Actress Claire Danes announced yesterday that she and husband Hugh Dancy are expecting their first child. Danes, who won a 2012 Golden Globe for her new series Homeland, and Dancy, who stars in NBC’s upcoming drama Hannibal, married in 2009 and have made a home in the same New York City neighborhood where Danes grew up.
Like many women my age, Danes’ signature role as Angela Chase on the short-lived TV drama My So-Called Life had a profound effect on me during my adolescence. Angela was something of an anti-heroine, a familiar presence for girls who weren’t outcasts but who had no interest in the typical social structures of high school. Watching Angela’s growing pains when I was 15 and the countless times I’ve re-watched the series since then, I’ve always been struck by how similar she and I were/are, and how much I learned about myself by watching her work through her teenage troubles. But I remember realizing with amazement the first time I re-watched the series as a parent of an older child how much I related to Patty, Angela’s mother.
Danes undoubtedly has plenty of friends and family and paid assistants to help her prepare for motherhood, but it takes a village to make a pregnant woman completely terrified of her new role. So, drawing from the wisdom that Danes’ work has helped me to acquire, I would like to offer her some advice for her new life as a mum.
Claire, at some point, your child is going to have to find some way to assert her individuality. It’s a normal part of adolescence. One of the easiest ways to do this is to drastically alter her appearance. You will be tempted to scoff at her efforts because why don’t they assert their individuality by taking the trash out without being harangued? Or you might be horrified by the hair color that she chooses. But try not to be too harsh. Hair dye isn’t permanent and after your kid “has a time” at Let’s Bolt! she’ll melt your heart by apologizing for her behavior and falling asleep in your arms.
Okay, So Maybe He’s Bi. Who Cares? His Cousin Can Still Drive.
Your snarky teenager has a point. Her friend’s sexuality does not affect said friend’s cousin’s ability to drive. It’s true. Tests have been done. Sure, her efforts to get away with something are achingly transparent. She’s got to prove something to herself and sometimes you have to let her make questionable decisions. But know that you’ve raised her to be smart enough about her safety. So even when something actual is happening, and it’s a little too actual, she’ll keep her wits about her and later have a moment of self-realization about the parallels between her life and Anne Frank’s life while talking to the cop who drives her home.
So How Can We Have Been Together for So Long and Not Be Able to Dance Together?
I have no doubt that you and Hugh love each other, but children change the dynamics of even the strongest marriage, and you may find yourselves in rough spots over the course of your life together. While your daughter is obtaining a fake ID from her crush under the guise of working on Krakow’s volumeter, you will be arguing with your husband and throwing your beloved Cinderella figurine on the floor in a fit of symbolism. So, the pixie cut was a dud, even though it does show your ears more, and the ballroom dancing was a disaster. Yeah, Camille said it’s a lot of fun, but Camille thinks Velcro is fun. You and Hugh will find your way back to each other and have hot make-up sex. And he’ll decide against cheating on you. And your daughter will get her fake ID, which she needs anyway because existentialism.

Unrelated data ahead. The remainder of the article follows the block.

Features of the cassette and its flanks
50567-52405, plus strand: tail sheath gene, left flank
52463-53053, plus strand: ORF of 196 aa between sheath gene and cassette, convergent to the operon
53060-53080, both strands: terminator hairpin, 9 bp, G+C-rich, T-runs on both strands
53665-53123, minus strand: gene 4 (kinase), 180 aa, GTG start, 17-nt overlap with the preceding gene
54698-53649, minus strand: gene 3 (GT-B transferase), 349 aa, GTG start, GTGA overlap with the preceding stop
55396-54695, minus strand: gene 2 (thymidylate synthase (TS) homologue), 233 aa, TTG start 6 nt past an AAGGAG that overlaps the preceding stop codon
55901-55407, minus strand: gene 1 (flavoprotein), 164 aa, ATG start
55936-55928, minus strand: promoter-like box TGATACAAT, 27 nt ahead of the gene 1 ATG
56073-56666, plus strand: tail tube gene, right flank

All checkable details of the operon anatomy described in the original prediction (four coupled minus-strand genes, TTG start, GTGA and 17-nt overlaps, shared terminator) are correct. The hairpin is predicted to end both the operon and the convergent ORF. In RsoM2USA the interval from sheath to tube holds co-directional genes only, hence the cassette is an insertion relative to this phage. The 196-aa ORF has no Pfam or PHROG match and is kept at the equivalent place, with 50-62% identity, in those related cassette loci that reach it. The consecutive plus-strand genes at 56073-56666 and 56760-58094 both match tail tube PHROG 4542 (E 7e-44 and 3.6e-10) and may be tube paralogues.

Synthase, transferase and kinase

I can’t tell you exactly why your 15-year-old doesn’t want to participate in the mother-daughter fashion show with you anymore. Maybe it’s the hot sophomore girls poll and Sharon Cherski’s distinction of best hooters. Maybe it’s that one zit she got. Maybe the dresses that you’re sewing for the show are just kind of hideous, even if they do remind Rickie of Mary Quant. Maybe it’s all of those things. Again, she’s gotta carve her own spot in the world and the one you have ready for her won’t always be what she needs. Besides, you have a younger daughter who you’re totally ignoring who would LOVE to do the fashion show with you. So, while you’re sashaying down the runway to “Return to Innocence,” your teenager will be crying tears of joy in her crushed velvet dress and it will be the most 90s moment ever.
I’ll Bet the Karma at Amber’s House Is Just Through the Damn Roof
Your daughter will no doubt compare you to other mothers at least a few times. But you’re far from perfect. And you know, if you weren’t so good at pretending to be happy, you’d be better at actually being happy. So you can’t really fault your daughter from taking a break from you from time to time, especially when you’re still navigating the quirks of your relationship with your own parents. Let her enjoy the novelty of her friend’s free-spirited mom. She’ll realize that that much freedom isn’t really worth it when Amber breaks up her friend’s illicit party then calls her issue-having daughter an old drunk before leaving her to go meet Rusty.
You Know, It Was One of Those Fights Where — It Doesn’t Even Seem Real, It Seems Like the Fight Is Having You
Your kid will love you. Always remember that, even when it seems like she hates you. She’s just trying to figure out how to comprehend that love. Sometimes, to understand how she feels about you, she will befriend people who have had the opposite fortune in life, who don’t have anyone who they love like that and who don’t have anyone who loves them like you love your kid. The two of you might have to encounter Juliana Hatfield’s ghost at the abandoned warehouse for your teen to realize how lucky you both are. The love between a mother and her child is pretty spectacular. Cherish it. And don’t be such a douche to Rickie.